The march towards robots taking over our everyday lives moves ahead inexorably. Self-driving cars are just the latest manifestation of the trend.
Recent research now shows that in order to make them more human,, we need to give the similar flaws to real people so that we take them more seriously (How perfect is too perfect? Research reveals robot flaws are key to interacting with humans).
My question: how soon before robots get mental illnesses as an unforeseen byproduct of this trend, or just because of the sheer complexity of the beasts?
Isaac Asimov foresaw part of the problem, namely that robots could be nasty to us by being violent towards us. So he suggested the famous 3 laws of robotics to prevent this, hopefully. The problem he didn’t foresee is that robots might be unintentionally nasty to us by getting mental illnesses.
That’s not a new idea either, as you would know from the 1968 movie “2001: A Space Odyssey” and its depiction of the malevolent computer, Hal. Mentally sick robots pose a new type of problem: you can see a robot that gets violent, but you don’t necessarily know if a computer or robot is sick mentally until it does something weird or bad. By then it might be too late.
So the problem goes well beyond what we have tended to see as the main issue, that robots might hurt us physically. Unlike a human, it’s unlikely you are going to quickly notice telltale signs like unusual facial or body gestures, at least not any time soon. So the problem is you might have a robot that acts sane but isn’t.
And we also have to recognize that if a robot has a mental illness, that even violence isn’t likely to be the main problem. According to one expert in mental illness in humans, “People with serious mental illness are 3 to 4 times more likely to be violent than those who aren't. But the vast majority of people with mental illness is not violent and never will be.”(Myth vs. Fact: Violence and Mental Health).
We can expect robots to be the same. How about a depressed robot that simply can’t be bothered to tell us that one of our machines is not working correctly? That our car is going to crash? How about a car-driving robot that wants to commit suicide, with or without you in the back seat?
I have already posted previously about the huge societal problem of mental illness (“The Invisible Pandemic”). It’s constantly getting even more serious under the pressures of stress, drugs and other causes as yet unknown but possibly bacterial or viral.
We tend as a species to focus on problems that are readily visible. Mental illness in robots could be a lot more dangerous precisely because you can’t easily see it.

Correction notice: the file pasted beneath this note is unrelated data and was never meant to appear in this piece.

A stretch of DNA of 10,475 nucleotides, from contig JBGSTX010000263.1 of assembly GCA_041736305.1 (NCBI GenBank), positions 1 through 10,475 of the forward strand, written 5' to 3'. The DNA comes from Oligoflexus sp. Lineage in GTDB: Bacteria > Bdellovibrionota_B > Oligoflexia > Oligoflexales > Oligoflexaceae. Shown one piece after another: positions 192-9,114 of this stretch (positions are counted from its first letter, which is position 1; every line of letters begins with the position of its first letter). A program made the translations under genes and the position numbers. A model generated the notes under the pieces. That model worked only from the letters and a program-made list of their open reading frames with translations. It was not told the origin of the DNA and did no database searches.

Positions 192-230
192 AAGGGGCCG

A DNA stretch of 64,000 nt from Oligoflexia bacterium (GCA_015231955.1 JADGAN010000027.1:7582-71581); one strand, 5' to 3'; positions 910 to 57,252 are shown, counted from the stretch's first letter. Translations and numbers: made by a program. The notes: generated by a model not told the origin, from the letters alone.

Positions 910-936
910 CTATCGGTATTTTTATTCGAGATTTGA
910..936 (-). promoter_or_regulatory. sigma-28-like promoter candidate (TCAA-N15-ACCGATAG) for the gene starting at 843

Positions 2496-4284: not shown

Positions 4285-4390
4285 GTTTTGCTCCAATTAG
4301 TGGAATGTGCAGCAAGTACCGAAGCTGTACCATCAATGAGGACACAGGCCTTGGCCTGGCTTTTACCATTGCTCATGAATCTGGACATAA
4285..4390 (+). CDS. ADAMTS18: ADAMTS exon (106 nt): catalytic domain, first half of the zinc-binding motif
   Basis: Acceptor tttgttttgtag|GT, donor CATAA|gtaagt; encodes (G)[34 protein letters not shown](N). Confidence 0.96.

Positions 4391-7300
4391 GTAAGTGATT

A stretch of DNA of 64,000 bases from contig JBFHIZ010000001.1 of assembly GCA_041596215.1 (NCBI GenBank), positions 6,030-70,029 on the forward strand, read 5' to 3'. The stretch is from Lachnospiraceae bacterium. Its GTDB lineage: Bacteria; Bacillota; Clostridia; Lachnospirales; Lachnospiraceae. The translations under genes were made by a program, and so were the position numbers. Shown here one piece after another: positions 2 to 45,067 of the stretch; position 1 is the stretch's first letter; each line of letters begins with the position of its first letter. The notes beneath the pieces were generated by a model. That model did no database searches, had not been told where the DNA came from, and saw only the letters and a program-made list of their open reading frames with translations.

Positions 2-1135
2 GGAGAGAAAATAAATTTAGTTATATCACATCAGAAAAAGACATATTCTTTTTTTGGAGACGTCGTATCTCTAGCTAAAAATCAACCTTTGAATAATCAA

And it’s not just a problem of straight-out mental dysfunction. How about behavioral issues such as cognitive biases that warp a robot’s judgment, just as we humans also make poor decisions under the influence of unconscious cognitive biases?
How about a robot that makes poor decisions because it is subject to the confirmation bias? The illusion of control bias (which was at least part of the problem with Hal in “2001”)? The status quo bias?
You might argue that we can program all this out of our robots or computers by careful design. But there’s a problem with this. You might indeed do this if the techniques you employ are deterministic.
But what it the learning techniques built into the robot is nondeterministic such as neural nets or genetic algorithms? Then you don’t know what learning is going to result. In the case of very complex learning routines, who’s to say that such techniques won’t lead to unintended lessons? Just like happens with us humans.
I think the problem of mental illness and cognitive biases are going to start to loom much larger with computers and robots. It’s likely that they will form new frontiers in computer hacking, and therefore be much more difficult to detect than the normal garden-variety DDOS attacks, phishing, or data theft. These are going to be even more difficult to detect than viruses such as Stuxnet and the newer variants.
From an attacker’s perspective it might be a much better strategy just to plant the seeds of a mental illness or a cognitive bias into a robot so that its existence might never be discovered. How about a virus that tends to prefer Russian to American products? Or that favors a Chinese drone in a dogfight? You get the idea.
Unfortunately with all the benefits that come along with robots, also come the problems. Robo-psychiatry is likely to be the big new job after cyber-security has become totally passé.